Earlier this month, the FDA participated in a meeting of the Leafy Greens Food Safety Task Force in response to the serious outbreak of E.coli associated with romaine lettuce that occurred earlier this year. During that meeting the FDA shared a preliminary hypothesis that may link the outbreak to water near a Concentrated Animal Feeding Operation (CAFO) in the Yuma, Arizona growing region.
As FDA has previously stated, samples of canal water tested positive for the outbreak strain of E.coli. The FDA continues to consider that contaminated water came into contact with the produce, either through direct irrigation or other means, and is a viable explanation for the pattern of contamination. Other hypotheses were discussed as well, but the FDA notes that the canal is close to a Concentrated Animal Feeding Operation (CAFO), a facility with a large number of cattle on the premises. The CAFO can hold in excess of 100,000 head of cattle at any one time and the FDA traces back information showed a clustering of romaine lettuce farms nearby.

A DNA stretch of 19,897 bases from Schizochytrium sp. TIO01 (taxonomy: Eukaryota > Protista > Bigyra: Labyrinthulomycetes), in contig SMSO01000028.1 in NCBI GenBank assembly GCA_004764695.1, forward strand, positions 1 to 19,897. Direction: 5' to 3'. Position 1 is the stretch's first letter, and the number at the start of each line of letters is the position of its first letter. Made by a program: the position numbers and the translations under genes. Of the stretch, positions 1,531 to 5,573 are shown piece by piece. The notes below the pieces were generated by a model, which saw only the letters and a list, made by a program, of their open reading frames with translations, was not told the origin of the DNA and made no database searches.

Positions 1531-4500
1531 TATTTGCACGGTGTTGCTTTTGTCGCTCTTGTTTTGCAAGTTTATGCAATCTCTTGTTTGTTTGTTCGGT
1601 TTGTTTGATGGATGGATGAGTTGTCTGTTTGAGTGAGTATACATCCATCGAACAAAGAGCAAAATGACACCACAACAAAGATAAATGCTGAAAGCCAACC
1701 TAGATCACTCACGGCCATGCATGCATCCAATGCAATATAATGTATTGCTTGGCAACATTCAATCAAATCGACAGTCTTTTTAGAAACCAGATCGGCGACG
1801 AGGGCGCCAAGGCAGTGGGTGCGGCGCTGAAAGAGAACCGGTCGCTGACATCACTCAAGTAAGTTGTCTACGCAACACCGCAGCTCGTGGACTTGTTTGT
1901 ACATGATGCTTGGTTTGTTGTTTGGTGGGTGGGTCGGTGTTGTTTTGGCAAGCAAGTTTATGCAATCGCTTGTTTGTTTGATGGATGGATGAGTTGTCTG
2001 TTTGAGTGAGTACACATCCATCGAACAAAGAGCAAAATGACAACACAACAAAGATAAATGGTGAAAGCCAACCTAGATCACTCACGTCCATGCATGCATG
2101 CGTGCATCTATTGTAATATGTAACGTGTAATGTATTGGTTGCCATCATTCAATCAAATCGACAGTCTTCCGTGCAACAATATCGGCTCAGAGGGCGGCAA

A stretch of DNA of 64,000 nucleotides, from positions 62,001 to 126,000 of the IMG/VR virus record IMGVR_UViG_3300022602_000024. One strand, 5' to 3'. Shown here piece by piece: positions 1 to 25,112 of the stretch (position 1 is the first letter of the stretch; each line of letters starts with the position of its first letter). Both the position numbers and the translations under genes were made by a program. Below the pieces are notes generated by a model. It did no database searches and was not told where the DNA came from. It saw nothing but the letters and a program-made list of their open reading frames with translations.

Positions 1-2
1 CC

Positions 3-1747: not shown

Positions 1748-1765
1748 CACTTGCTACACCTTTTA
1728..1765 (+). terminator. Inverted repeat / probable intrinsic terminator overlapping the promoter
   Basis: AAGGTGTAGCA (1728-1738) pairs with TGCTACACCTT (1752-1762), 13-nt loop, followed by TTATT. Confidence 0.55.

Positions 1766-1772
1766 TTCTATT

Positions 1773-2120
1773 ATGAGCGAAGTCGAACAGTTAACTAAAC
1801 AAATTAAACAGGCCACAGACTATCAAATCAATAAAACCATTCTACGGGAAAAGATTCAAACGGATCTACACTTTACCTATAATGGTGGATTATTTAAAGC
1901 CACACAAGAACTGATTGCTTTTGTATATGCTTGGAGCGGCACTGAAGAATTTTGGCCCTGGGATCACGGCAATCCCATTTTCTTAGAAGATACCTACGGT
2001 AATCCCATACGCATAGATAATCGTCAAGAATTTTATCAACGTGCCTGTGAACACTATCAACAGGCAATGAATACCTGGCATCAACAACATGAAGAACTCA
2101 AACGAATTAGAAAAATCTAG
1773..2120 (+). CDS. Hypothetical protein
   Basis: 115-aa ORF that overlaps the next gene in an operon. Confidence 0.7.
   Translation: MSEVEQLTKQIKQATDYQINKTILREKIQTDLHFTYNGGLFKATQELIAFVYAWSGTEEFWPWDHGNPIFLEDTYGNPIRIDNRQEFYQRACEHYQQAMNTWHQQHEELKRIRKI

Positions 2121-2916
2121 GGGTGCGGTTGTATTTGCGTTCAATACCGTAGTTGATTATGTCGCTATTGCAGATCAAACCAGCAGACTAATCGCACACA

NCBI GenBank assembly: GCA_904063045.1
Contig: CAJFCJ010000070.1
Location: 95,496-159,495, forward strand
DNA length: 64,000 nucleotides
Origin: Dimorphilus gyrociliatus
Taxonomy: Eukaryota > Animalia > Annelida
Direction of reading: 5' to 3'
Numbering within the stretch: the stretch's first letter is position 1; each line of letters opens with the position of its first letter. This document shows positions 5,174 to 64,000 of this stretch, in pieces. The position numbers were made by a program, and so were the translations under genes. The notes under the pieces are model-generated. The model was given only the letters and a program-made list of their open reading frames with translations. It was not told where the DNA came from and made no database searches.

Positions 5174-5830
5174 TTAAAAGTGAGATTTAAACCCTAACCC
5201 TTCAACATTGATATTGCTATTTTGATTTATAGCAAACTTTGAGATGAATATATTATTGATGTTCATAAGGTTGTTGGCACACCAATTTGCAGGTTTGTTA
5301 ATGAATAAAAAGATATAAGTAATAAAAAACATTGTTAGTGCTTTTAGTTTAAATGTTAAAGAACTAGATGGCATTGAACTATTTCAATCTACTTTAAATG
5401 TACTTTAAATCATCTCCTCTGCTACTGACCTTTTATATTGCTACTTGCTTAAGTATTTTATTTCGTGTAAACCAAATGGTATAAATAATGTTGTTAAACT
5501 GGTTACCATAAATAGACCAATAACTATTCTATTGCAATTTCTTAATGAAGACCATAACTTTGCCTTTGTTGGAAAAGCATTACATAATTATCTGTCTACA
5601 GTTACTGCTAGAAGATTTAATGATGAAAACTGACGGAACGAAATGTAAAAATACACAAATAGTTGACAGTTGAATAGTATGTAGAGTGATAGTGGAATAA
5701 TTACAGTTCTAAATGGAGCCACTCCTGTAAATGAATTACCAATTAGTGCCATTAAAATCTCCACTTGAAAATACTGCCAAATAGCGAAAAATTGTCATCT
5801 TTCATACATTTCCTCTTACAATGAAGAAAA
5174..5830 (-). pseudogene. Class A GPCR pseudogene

FDA’s experts continue to work on examining potential links between the CAFO, adjacent water, and geologic and other factors that may explain the contamination and its relationship to the outbreak. Additional sampling activities will be conducted to further explore and narrow down hypotheses in the near future. Their findings will be detailed in a finalized environmental assessment report.
More than 200 people in 36 states became ill after the E.coli outbreak. Ninety-six people had to be hospitalized and five died.
The environmental assessment report will be made publicly available when complete.